"Creative Destruction" is the term Austrian economist Joseph Schumpeter coined to define the business Darwinism that drives capitalism. The basic theory being that new ideas, technologies, ways of working, organizational approaches and other creative discontinuities spark competition ultimately driving the economy. Through economic cycles of all sorts, across every industry and size of company, creative destruction has played a seminal role in driving growth, productivity and ultimately the economy itself. When the innovations, new ideas and new approaches in an industry become out of balance however, the natural process of creative destruction ceases to work. This imbalance is playing out in the media industry today.
Over the last decade we have seen an unprecedented level of debt fueled M&A activity in media. In the last 10 years we've witnessed the largest roll up of media assets in history by public companies scooping up brands and companies to create media conglomerates that had "scale" and "synergy". Private equity increased it's activity in media deals over this time frame as well, completing the highest number of deals for the most value, that the market has ever seen.
The innovation in debt instruments that created the massive amount of capital to fuel this M&A activity, masked the need for far more systemic and foundational change required in many media businesses as the industry continued the inexorable shift from analog to digital. This debt fueled infusion actually restricted creative destruction as brands, companies and business models that were in dire need of wholesale change, were rolled up into broad conglomerates which were able to cut costs and show short term growth on the bottom line.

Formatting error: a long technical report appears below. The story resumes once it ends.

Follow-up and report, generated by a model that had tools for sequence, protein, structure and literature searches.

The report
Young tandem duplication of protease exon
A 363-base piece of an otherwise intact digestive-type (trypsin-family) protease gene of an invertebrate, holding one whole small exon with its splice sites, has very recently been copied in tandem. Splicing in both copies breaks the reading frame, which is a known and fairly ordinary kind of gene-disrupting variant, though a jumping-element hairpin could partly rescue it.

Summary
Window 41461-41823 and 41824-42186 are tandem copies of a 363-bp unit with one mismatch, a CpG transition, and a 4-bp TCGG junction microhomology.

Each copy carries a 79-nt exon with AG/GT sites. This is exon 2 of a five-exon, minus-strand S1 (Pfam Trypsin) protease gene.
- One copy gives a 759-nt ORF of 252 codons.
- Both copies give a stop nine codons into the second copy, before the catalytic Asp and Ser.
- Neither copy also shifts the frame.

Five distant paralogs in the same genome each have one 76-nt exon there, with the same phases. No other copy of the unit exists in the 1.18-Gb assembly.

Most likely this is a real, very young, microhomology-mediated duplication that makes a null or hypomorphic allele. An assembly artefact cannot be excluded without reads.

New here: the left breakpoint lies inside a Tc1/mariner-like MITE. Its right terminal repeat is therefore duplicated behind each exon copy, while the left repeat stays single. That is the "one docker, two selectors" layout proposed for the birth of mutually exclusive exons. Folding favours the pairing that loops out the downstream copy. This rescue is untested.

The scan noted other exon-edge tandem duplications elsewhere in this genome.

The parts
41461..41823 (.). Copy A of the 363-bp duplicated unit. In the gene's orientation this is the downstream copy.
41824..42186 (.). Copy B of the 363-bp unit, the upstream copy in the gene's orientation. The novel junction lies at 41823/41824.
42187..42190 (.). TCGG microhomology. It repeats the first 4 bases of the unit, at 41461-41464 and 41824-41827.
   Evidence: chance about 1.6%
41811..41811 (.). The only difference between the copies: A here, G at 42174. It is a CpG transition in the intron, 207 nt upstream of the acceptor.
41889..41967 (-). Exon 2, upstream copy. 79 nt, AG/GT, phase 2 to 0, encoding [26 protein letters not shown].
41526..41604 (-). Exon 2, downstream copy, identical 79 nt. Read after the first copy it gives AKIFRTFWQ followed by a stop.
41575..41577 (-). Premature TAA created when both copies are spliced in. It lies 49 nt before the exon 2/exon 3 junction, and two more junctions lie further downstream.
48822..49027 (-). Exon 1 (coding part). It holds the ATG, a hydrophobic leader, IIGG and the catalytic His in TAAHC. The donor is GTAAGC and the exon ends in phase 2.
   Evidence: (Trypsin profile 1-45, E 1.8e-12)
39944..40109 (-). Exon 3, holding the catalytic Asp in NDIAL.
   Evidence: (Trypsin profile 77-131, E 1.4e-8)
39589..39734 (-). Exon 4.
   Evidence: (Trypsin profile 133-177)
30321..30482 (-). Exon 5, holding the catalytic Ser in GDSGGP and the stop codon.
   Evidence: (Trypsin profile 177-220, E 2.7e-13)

This process also held back the growth of innovative brands and companies that were practicing creative destruction in their markets, by thining the revenues, talent pools and resources that would have allowed for faster growth. This is becoming very clear today as a closer examination of many of the media conglomerates show severely challenged balance sheets. To put it distinctly, debt load is not a sustainable business model. It is a short term financing tactic; that requres significant market growth in equity value to work.
So where do we go from here? Well it's a safe assumption that many of the M&A deals done at the height of the market will unwind as there is little if any chance that the firms involved can get anywhere near the value they paid, let alone service the debt load. It's also safe to assume we will see some assets on the market at what would have previously been thought of as unheard of price discounts. It would not be a huge surprise to also see additional bankruptcies as we've seen with Ziff-Davis and Tribune Corp as over leveraged organizations look to get out from under crushing debt loads.
The companies who have been prudent with their balance sheets will benefit. Those that haven't will suffer. I also hope that what we ultimately see come from this is a return to a more "natural" creative destruction where the innovation, new approaches, new technology and new competition come more from media businesses themselves and less from innovations in debt/equity financing.
Update on Friday, February 6, 2009 by Tony Uphoff:
Fair amount of on and off channel discussion about innovation in media based on the "Creative Destruction" post and thread. From my vantage point I don't share an overt cynicism about a lack of innovation in this era of media. The shift from analog to digital, the connected acceleration of integrated media and the emergence of social media and micro messaging platforms are all amazing transitions fueled by innovation. Not all of this is pretty or smooth however. It's also clear that while very challenging and in some cases stark in the reality it brings, the current economic climate is a positive forcing function that is continuing to drive innovation and change in the media business. Media always has been and always will be a business driven by innovators. As often times happens, financial speculators rush into a gold rush post innovation and that in turn creates a winnowing period as it sorts out. I would argue we are in one of those phases right now. This also creates tremendous opportunity however as you will see companies with solid business models but flawed capital structures that will become available in the market.,